Contrasting grooming phenotypes in three mouse strains markedly different in anxiety and activity (129S1, BALB/c and NMRI)

Allan V. Kalueff*, Pentti Tuohimaa

*Corresponding author for this work

Research output: Contribution to journalArticlepeer-review

86 Citations (Scopus)


129S1/SvImJ (129S1), NMRI and BALB/c mice are widely used in behavioural research, demonstrating marked strain differences in their behavioural phenotypes. Grooming is a complex and essential ritual in the rodent behavioural repertoire with a general cephalocaudal progression (forepaws-nose-face-body- legs-tail and genitals). Various stressors as well as genetic manipulations have been reported to alter mouse grooming and its patterning, underlying the importance of analysis of grooming behaviours. Although strain differences between these mice have been assessed in many studies, no comparative analyses of their grooming have been performed. Here we show strain differences in spontaneous (novelty-induced) grooming between 129S1, NMRI and BALB/c mice. Overall, 129S1 mice demonstrated lower grooming activity and impaired microstructure (more interrupted bouts and incorrect transitions contrary to the cephalocaudal rule), accompanied by lower vertical exploration. In contrast, BALB/c and NMRI mice showed high vertical activity and unimpaired grooming microstructure, also exhibiting different grooming levels (BALB/c > NMRI). Our study suggests that contrasting grooming phenotypes in these mice may not be due to the strain differences in their sensory abilities, general activity levels, brain anatomy or aggressiveness, but rather reflect a complex interplay between anxiety, motor and displacement activity in these strains (hypoactive anxious phenotype in 129S1 mice, active anxious phenotype in BALB/c and non-anxious high displacement phenotype in NMRI mice). We suggest that ethological analysis of mouse grooming, such as that reported here, may be a useful tool in neurobehavioural research.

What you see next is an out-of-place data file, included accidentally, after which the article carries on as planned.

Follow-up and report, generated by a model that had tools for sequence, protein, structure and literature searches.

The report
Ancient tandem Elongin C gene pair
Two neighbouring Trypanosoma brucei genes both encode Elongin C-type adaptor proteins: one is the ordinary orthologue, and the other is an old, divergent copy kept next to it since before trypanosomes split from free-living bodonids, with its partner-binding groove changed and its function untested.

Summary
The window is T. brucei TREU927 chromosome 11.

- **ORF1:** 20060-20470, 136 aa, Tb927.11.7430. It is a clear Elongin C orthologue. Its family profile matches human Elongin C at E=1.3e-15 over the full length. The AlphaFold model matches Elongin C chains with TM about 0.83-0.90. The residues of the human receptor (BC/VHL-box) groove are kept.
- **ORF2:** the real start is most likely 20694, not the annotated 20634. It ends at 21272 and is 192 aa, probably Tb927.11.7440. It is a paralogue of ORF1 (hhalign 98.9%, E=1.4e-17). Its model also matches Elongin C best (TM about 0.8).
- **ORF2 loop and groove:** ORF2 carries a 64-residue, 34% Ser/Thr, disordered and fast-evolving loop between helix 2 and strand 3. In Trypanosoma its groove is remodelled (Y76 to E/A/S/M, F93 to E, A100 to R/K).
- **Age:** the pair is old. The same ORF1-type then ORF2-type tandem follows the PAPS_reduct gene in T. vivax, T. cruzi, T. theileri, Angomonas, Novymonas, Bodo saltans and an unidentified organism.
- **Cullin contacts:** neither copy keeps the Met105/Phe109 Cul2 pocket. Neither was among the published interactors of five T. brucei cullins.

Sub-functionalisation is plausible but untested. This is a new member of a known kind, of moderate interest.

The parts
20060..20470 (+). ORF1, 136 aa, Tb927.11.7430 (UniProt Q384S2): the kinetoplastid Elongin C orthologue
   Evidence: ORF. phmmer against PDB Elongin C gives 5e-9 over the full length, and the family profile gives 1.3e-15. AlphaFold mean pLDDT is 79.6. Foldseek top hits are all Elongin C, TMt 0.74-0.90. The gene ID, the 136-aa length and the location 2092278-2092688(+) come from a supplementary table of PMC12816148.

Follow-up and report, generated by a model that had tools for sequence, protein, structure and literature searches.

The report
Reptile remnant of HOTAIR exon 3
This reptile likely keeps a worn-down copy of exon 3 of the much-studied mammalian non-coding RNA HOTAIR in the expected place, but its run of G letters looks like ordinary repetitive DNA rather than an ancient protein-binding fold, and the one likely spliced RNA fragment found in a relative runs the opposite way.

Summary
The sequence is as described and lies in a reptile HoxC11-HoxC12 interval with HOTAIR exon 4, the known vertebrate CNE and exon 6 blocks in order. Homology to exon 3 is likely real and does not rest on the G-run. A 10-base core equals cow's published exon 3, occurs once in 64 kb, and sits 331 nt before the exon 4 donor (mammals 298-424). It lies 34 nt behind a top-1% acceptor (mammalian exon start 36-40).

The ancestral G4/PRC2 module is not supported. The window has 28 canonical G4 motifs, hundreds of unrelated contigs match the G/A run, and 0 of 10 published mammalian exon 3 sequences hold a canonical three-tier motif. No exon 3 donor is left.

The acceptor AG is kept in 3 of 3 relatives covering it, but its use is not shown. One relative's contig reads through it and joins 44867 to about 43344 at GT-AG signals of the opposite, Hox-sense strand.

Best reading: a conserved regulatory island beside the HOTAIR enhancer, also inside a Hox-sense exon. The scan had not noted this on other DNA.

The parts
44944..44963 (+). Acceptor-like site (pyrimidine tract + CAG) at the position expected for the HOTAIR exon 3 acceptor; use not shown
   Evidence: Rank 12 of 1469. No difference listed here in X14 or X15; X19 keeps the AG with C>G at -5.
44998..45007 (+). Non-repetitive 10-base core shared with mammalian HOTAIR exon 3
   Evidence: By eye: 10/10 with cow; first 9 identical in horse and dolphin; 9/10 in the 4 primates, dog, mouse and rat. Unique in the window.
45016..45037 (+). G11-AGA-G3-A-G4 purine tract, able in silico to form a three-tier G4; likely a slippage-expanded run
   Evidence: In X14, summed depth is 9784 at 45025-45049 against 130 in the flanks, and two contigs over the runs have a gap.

Original languageEnglish
Pages (from-to)1-10
Number of pages10
JournalBehavioural Brain Research
Issue number1
Publication statusPublished - 7 May 2005
Externally publishedYes


  • 129S1/SvImJ mice
  • BALB/c mice
  • Behavioural phenotype
  • Grooming behaviours
  • Grooming microstructure
  • NMRI mice


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